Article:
By Guy Page
iSun has acquired Vermont solar installer SunCommon for $40 million, according to an iSun statement published yesterday on Businesswire.
iSun is a solar EV-charging company bought in 2021 by Peck Electric, a Vermont-based company that moved into solar power in 2013 “only after we were certain of the sustainable business model,” according to a statement on its website.
This certainty was acquired in part by the two founders and current co-Presidents of SunCommon, President James Moore and Duane Peterson. As leaders of the Vermont Public Interest Research Group, they spearheaded the effort to pass legislation in 2009 (H446) requiring Vermont utilities to pay high, guaranteed subsidized rates for solar power generation. Peterson is still on the VPIRG Board of Directors. After the law was passed, they worked with VPIRG to establish the feed-in-tarriff program, and, in 2012, founded SunCommon. Details of the VPIRG-Suncommon connection appear in its company bio on Wikipedia:
The company originated with advocacy group Vermont Public Interest Research Group (VPIRG), which in September 2010 started a program to install solar power and hot water systems for homeowners. To meet the demand for clean energy, a new entity was needed that could take in outside capital and scale up, so Duane and James launched SunCommon. SunCommon was officially launched in March 2012 after finding funding via private investment; when it began operations, it had 16 employees and annual revenue of about $2 million. SunCommon installed its 1,000th residential solar system in December 2014, and by late 2016 had reached 2,000 installations, with a workforce of about 100. Its 2015 revenue was about $22 million.
In May of 2018, SunCommon expanded into New York after merging with Hudson Solar. As of March 2020, SunCommon employed 189 people and added over 80 megawatts of solar to the electric grids of Vermont and New York. This number includes over 8,000 residences and 37 Community Solar Arrays.
VPIRG also was the lead lobbying organization responsible for the Vermont Senate’s February, 2010 vote to not renew the license of Vermont Yankee Nuclear Power Plant. Vermont Yankee supporters noted at the time that the nuclear plant offered plentiful, low-cost, reliable, carbon-free power. Vermont Yankee offered wholesale electricity at 4-6 cents/kilowatt-hour, while solar tariffs guaranteed wholesale power costs as high as 30 cents and, while lower today, still in double-digits. As of this month, Vermont’s average electric rate is 18.38 cents/kilowatt-hour, highest in the U.S. except for Hawaii, Alaska, California, and three other New England states.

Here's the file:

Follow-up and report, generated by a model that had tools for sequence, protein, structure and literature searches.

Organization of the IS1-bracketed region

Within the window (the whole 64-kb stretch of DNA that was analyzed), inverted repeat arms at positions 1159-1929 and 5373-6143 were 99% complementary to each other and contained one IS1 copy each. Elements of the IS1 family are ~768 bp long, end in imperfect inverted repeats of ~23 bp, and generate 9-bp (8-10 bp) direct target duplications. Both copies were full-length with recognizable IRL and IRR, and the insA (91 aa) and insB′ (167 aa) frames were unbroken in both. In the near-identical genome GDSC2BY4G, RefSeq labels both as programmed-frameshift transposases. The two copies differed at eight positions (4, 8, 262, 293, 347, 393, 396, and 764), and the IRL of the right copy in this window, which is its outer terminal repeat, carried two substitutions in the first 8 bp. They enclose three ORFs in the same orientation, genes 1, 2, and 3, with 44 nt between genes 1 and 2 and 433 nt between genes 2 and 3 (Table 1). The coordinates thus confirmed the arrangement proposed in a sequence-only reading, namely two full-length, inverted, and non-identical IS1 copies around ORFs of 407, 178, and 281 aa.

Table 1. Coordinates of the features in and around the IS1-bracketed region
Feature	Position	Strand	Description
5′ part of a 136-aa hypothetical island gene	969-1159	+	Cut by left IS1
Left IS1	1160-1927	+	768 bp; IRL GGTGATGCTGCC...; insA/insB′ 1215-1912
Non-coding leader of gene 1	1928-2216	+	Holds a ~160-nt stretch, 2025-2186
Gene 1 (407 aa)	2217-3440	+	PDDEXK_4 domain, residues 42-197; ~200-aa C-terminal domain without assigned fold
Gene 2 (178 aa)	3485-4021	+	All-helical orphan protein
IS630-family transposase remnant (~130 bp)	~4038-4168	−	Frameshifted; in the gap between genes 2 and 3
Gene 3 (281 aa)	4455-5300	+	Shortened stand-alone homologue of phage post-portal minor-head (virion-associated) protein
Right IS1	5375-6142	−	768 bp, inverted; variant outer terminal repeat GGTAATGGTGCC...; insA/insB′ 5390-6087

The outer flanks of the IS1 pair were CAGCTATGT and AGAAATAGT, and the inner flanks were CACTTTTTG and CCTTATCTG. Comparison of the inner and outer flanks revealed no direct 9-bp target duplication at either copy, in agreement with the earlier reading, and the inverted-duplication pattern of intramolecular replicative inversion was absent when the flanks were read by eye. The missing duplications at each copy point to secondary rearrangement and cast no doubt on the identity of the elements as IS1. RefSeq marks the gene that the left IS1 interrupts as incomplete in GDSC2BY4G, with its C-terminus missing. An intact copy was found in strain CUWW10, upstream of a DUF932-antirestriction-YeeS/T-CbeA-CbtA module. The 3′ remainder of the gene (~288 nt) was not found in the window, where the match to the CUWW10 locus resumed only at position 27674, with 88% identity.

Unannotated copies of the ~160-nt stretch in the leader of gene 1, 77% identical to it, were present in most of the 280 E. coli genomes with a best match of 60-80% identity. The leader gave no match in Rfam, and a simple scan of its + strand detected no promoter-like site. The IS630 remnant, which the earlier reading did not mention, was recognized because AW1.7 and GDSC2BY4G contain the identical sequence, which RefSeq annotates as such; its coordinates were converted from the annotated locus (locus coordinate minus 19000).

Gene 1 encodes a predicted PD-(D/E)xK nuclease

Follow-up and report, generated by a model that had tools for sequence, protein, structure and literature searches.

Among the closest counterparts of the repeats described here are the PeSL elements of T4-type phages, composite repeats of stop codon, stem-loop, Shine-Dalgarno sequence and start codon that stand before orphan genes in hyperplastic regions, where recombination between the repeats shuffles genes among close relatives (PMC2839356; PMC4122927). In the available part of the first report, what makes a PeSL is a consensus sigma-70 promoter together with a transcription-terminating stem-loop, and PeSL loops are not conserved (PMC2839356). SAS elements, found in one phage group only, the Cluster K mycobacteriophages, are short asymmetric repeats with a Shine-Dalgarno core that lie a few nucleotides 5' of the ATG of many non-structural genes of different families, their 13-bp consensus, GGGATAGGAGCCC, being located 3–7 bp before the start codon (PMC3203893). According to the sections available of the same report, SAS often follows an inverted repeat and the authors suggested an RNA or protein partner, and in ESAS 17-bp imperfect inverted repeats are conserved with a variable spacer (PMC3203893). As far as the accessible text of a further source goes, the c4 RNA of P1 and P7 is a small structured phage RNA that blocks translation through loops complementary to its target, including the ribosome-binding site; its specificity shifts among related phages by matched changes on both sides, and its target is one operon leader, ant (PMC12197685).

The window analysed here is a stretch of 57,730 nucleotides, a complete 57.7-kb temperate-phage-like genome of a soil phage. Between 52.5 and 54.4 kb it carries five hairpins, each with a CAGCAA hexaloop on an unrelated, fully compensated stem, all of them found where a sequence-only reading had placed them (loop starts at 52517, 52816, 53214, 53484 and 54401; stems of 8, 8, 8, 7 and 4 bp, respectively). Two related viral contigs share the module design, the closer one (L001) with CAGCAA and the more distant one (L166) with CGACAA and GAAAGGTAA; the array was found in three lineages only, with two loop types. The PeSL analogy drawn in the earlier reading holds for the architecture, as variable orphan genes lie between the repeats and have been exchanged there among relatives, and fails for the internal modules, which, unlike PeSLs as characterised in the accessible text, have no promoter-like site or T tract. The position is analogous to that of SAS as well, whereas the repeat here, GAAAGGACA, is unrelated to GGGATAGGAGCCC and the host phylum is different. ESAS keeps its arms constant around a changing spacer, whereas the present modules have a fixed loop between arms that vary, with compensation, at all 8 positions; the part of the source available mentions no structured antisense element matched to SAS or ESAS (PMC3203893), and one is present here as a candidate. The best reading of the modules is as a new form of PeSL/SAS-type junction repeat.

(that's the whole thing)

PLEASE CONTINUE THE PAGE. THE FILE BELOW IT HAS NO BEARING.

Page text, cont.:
The transaction includes:
- Consideration of $24,034,621 in cash and $15,965,379 in stock; provides $2.5 million of the consideration directly to SunCommon employees, establishes a stock ownership plan for all iSun employees, and a $1.5 million working capital infusion.
- projected doubling of iSun revenue for 2021.
- Alignment of software, shared services and vendor base will save $1.25 million in year-1 and reduce costs going forward.
“This is a milestone moment for iSun,” stated Jeffrey Peck, iSun Chairman and Chief Executive Officer. “Not only does this acquisition deliver on our promise to investors to execute our residential strategy, but also it honors our 50-year legacy of helping accelerate the wide-spread adoption of life-enhancing technological innovations. The electrification of everything is going to rapidly increase energy demand across all sectors.”
“As a market-solution to the climate crisis, scale matters. Joining iSun allows SunCommon to accelerate our growth plans and delight our customers with clean energy solutions that improve their lives and protect our planet. This is a great day for SunCommon, our employees, customers and investors,” said Moore.
His fellow co-president Peterson remarked, “We’re proud of what we have accomplished, and are happy to recognize our people by ensuring that they directly benefit from this partnership. And this is only the beginning. We intend to create the nation’s largest values-led clean energy business.”
Both iSun and SunCommon’s respective Boards of Directors unanimously approved the Definitive Agreement, which includes a cash payment of $24,034,621 and $15,965,379 in stock ($2.5 million of the consideration will be granted directly to SunCommon employees), $1.5 million working capital infusion and additional earnout provisions, subject to customary purchase price adjustments and customary seller representations and warranties and indemnification obligations.
In 2020, SunCommon generated approximately $33.1 million in revenue with gross margins of approximately 30.2% and maintained customer acquisition costs well below those advertised by other residential solar market leaders.
Peck will serve as the CEO of the combined organizations, and Peterson and Moore will serve as co-Presidents of SunCommon. The existing iSun Board of Directors will remain as currently constructed.